The New Orleans Saints made obvious gains in free agency, but not all of the gains they targeted. Still, taking the best available player at their spots in the NFL Draft – beginning with the No. 27 pick of the first round Thursday – remains the most logical and palatable option entering the draft.
"I think we're going to do that (draft the best available player) regardless," Saints executive vice president and general manager Mickey Loomis said Wednesday, during his annual predraft news conference. "But I would say, there are some things that we still have to accomplish that we didn't get accomplished in free agency. That doesn't mean that we have to get that done in the draft, there's time afterwards before training camp gets started. But I think we're still in a good position."
Loomis said the value is in having several players in the draft cloud when the Saints are on the clock.
"It's never just one guy sitting up there (on your draft board) and everybody else is gone," he said. "You have a group of players that are all graded pretty closely together when you pick, more often than not. And certainly, position comes into play when you make that pick when you have a group of guys that are close together. It may be it's a position of need for your team but it also may be that that position is more valuable than another one."
The Saints possess less high picks than last season, when they had five of the first 103 picks, plus a trade into the third round (last year's seventh-rounder and this year's second-rounder) that resulted in the selection of running back Alvin Kamara.
Thus, there's less capital on hand with which to trade up in the draft. But that doesn't rule out the possibility that New Orleans will move up, or down, during the selection process.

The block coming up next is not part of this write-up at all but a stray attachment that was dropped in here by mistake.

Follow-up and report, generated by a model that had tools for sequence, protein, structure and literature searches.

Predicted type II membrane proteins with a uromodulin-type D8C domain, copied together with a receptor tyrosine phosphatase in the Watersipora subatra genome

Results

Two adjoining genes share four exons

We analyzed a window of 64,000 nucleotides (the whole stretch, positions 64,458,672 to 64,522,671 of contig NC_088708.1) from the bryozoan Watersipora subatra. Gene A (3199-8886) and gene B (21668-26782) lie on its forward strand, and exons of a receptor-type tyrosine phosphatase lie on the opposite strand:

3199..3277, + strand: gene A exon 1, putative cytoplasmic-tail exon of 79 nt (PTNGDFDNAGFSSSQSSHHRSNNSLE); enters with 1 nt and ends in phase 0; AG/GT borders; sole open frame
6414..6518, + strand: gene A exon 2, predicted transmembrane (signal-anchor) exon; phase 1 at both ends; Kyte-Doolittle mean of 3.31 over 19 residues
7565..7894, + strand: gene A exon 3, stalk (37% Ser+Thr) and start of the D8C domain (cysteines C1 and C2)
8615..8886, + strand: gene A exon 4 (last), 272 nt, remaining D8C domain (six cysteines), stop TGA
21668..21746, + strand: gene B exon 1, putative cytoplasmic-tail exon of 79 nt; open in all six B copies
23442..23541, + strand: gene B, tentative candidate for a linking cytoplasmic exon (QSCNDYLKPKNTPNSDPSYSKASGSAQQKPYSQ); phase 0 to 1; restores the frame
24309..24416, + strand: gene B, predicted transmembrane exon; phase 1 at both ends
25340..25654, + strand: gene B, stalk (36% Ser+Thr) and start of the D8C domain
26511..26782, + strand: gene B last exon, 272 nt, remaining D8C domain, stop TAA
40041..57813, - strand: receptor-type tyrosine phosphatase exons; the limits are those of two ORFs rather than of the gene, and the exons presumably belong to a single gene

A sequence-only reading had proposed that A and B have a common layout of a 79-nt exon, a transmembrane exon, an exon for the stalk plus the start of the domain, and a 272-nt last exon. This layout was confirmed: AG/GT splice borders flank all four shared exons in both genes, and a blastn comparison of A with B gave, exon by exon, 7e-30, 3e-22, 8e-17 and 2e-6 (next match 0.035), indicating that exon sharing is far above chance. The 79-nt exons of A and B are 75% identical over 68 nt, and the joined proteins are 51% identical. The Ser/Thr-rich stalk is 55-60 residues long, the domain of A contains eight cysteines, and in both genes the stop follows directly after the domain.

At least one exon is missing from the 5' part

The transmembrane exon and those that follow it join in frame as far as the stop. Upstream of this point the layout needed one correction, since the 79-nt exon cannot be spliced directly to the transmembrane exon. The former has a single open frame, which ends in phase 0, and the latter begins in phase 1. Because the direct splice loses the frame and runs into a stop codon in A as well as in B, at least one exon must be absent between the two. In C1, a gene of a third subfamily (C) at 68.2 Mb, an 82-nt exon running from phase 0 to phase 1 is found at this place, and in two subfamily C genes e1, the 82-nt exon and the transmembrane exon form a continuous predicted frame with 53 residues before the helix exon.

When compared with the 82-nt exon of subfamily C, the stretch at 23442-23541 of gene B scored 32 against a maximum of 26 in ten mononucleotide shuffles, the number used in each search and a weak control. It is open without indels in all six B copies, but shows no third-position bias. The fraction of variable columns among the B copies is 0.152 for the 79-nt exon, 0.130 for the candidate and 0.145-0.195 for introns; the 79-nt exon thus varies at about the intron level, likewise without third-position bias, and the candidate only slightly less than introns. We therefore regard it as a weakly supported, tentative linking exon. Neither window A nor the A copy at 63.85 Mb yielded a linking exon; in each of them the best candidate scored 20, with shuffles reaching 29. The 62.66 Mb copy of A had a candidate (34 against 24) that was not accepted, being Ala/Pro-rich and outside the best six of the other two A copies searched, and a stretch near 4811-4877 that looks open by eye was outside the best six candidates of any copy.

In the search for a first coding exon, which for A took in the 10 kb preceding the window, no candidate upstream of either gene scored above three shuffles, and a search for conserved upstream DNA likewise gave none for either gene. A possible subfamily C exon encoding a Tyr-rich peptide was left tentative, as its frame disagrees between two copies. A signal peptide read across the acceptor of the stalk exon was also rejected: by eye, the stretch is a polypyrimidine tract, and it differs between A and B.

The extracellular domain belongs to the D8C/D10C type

New Orleans Saints Executive Vice President/General Manager Mickey Loomis addresses the media at his opening press conference at Ochsner Sports Performance Center on April 25, 2018.
"There may be a target on someone that we have going forward that, hey, if we can get this one guy, then that's worth giving up some of our other assets," Loomis said. "I think we're open to either, although historically I think we've done a lot more trading up than trading back. I recognize that.
"We're thinking about trades a month ago, thinking about opportunities, I would say. Whether that's trading up or trading down or player for player, we're always thinking about opportunities to improve our roster, get guys in that fit what we want to do. And that changes, based upon who might be available or who you might have signed in free agency or who you think might become available in the draft where you're picking. It's a lot more difficult when you're at 27 as opposed to being in the top 10 or 11th or some of the places we've been the previous few years."
If the Saints desire to move, they have a good idea of what it would cost to do so in either direction.
"Most everyone uses those (point-value) charts as a guideline," Loomis said. "We pay attention to what's happened historically. At every pick, I've looked at trades that are similar, going from 27 to whatever. Has that happened before? What was the cost? We look at history, we look at the point-value charts and then, it's still a marketplace that two people have to say 'yes' to. So it's a negotiation."
New Orleans isn't above drafting a player at a position that already is strong, Loomis said.
"(Assistant General Manager/College Scouting Director) Jeff (Ireland) says this a lot. He says sometimes, it's not a bad thing to build on a strength. Add to a strength. And we agree with that."